Sheep handling and grazing

Have you ever wondered whether to renew or reseed pastures, questioned whether to to plough or not to plough, or incorporate some chicory in to pasture? If so, you are not alone. With more than 100 people descending on Overbury Farm, near Tewkesbury, Gloucestershire, for the first EBLEX sheep handling and grazing farm walk, clearly it wasn’t just the tea and biscuits attracting them to the event.

And at a time when many are tightening their belts, knowing what your fields can offer will allow potential in pastures to be realised, according to British Seed Houses’ Helen Mathieu.

“The biggest asset is in the soil and digging a small hole to about 30cm will tell you a lot about the organic matter. If soil compaction is identified, the soil profile can give an indication of cause, which will determine the remedy,” she said.

Ms Mathieu’s splits compaction into three different types. Capping/grazing, occurring between 0-10cm deep, machinery occurring between 10-15cm and plough plans also between 10-15cm deep.

“Where capping has occurred this can be addressed by soil aeration and ploughing, whereas machinery and plough pans can be remedied by either sub-soiling, ploughing or para-ploughing,” she said.

Swards should contain a sown species above 70%.
Knowing pastures have the potential to yield 10-11t/DM/ha for grazing and 13-14t/DM/ha for silage should encourage those not already soil testing to do so. Aiming for a soil pH between 5.8-6.5 will allow maximum nutrient availability, but knowing P and K is also important to assess levels of fertiliser being applied. Ms Mathieu recommended soil sampling every three to five years.

Identifying species growing in the sward is also important, and according to EBLEX’s Liz Genever, swards should contain a sown species above 70%.

“A sward with above 70% of the sown species indicates it is still productive, but introducing new varieties through reseeding should also be considered. However, when sown species are below 60% then reseeding may be an option since it will increase yields, feed value and response to nitrogen.”

Pasture renewal often raises questions, like should pasture be over-seeded or fully reseeded and, if so, with what varieties. But according to Ms Mathieu, reseeding permanent pastures with good varieties can produce grass worth an extra £200/ha (£800/acre) over five years. However, over-seeding has become more popular due to costs.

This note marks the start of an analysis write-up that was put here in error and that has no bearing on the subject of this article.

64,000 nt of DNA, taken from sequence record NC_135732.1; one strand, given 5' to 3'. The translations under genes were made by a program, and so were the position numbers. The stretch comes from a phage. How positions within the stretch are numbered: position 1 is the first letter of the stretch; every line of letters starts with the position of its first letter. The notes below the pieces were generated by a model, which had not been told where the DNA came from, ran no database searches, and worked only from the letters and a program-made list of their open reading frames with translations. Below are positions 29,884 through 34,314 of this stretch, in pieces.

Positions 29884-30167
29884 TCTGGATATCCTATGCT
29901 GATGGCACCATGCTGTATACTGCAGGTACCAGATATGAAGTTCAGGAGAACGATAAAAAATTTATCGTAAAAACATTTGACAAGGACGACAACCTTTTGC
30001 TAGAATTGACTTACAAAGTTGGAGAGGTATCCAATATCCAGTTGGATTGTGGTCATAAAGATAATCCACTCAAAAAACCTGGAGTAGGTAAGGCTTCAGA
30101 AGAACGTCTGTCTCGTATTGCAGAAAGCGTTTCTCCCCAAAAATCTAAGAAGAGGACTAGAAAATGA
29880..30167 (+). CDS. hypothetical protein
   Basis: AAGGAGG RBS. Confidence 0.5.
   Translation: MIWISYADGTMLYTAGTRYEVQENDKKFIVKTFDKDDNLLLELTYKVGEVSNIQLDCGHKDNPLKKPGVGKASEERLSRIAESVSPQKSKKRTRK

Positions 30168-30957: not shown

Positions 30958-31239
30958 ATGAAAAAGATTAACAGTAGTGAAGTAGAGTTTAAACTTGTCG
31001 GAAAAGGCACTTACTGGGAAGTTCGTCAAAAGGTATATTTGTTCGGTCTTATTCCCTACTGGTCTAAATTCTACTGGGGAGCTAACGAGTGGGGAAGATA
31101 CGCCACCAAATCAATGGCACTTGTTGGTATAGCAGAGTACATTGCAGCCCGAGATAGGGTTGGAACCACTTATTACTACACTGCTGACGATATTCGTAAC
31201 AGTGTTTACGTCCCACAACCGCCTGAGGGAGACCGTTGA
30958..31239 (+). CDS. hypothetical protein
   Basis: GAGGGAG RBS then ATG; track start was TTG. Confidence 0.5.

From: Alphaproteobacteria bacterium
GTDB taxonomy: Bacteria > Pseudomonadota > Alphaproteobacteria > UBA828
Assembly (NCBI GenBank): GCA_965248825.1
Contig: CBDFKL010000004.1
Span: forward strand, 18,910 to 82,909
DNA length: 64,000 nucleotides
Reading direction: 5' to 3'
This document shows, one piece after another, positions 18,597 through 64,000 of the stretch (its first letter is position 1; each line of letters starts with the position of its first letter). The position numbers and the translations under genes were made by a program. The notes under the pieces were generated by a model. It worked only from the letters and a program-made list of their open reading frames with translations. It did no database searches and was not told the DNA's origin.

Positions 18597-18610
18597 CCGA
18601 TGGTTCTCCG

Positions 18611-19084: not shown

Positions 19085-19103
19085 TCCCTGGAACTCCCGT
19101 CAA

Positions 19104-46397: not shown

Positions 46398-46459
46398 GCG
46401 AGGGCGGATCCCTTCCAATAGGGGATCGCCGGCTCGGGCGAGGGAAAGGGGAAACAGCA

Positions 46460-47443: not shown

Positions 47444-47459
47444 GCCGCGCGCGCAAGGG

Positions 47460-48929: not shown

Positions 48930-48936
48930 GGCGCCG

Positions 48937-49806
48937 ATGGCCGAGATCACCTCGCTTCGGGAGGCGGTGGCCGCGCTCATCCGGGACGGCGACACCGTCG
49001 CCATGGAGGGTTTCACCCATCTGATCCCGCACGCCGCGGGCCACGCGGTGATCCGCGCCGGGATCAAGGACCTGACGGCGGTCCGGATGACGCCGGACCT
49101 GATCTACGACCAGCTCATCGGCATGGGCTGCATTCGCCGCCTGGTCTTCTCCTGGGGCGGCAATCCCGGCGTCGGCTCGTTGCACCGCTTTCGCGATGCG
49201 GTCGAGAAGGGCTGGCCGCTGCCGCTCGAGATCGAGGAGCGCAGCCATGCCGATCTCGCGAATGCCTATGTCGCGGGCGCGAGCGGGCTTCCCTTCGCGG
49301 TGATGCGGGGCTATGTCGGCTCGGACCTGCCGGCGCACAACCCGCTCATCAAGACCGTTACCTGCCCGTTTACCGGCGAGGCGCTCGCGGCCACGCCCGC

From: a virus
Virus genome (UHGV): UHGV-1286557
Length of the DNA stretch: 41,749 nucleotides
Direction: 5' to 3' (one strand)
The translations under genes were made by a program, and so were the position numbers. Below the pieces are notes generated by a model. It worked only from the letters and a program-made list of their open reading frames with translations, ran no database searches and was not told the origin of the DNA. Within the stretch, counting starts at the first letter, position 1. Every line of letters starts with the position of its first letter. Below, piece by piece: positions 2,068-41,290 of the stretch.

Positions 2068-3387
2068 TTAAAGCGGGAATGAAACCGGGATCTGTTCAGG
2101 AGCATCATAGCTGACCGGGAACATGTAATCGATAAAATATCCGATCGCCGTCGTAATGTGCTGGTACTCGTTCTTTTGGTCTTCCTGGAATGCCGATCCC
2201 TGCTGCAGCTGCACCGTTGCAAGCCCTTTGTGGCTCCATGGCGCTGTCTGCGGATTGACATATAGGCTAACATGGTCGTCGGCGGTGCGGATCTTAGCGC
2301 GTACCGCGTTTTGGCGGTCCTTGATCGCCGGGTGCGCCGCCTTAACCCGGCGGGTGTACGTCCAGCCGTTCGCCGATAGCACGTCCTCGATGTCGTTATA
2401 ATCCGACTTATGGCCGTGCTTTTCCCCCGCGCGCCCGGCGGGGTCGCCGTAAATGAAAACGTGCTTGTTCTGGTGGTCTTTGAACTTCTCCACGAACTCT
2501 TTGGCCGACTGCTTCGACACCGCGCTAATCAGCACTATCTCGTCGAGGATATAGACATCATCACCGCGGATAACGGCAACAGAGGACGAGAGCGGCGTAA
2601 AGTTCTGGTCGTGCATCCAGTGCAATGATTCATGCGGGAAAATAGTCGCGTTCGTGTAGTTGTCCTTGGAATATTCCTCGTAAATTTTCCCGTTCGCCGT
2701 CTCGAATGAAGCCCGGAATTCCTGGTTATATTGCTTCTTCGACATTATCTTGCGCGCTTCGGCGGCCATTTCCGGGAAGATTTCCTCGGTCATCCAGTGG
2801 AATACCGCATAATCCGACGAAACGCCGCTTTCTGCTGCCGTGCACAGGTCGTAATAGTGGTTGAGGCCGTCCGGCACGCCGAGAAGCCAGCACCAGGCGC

“Renewing existing swards by over-seeding or slot seeding reduces the costs compared to a full reseed, with typical over-seeding costs of £175-200/ha (£70-80/acre). Over-seeding is useful where you don’t want to plough, or clover needs to be introduced, whereas reseeding offers opportunity to tackle weed, improve varieties and nutrient contents well as matching sward to growth potential. However, despite a full reseed costing £340/ha (£140/acre), it can pay off since new varieties give about 33% more yield than a typical five year old ley,” said Ms Mathieu.


With electronic identification in sheep imminent, having an efficient and speedy handling system will be even more necessary. But understanding sheep behaviour is necessary when looking to improve any system, according to handling system expert, Miriam Parker.

sheep on hold 
Understanding sheep behaviour when evaluating handling systems can help improve flow and sheep welfare.

“Good handling not only improves welfare, but can save time for routine operations like tagging, weighing and worming. But it is important to remember people, sheep and the pens are all involved in a handling system and you can’t have a good handling system without getting all three bits working together,” she said.

Ms Parker explained the sheep’s visual senses and their restricted binocular vision needed be taken in to consideration. “Evaluating current handling systems by putting yourself in the position of the sheep will help identify where improvements can be made, which in many cases may be achieved simply and inexpensively.”

Location is key and positioning the handling system on a level site where there is a key draw such as fields in the distance can help improve flow through the race. Ms Parker recommended having solid sides at handling points to focus animals on where they have to go, stopping distraction from other sheep or humans.

“Creating solid sides doesn’t have to be expensive and can be done instantly by using by a sheet of sacking. Exploiting sheep’s behaviour by running sheep through a system several times, particularly if there is a food reward will also make the experience more pleasant.”

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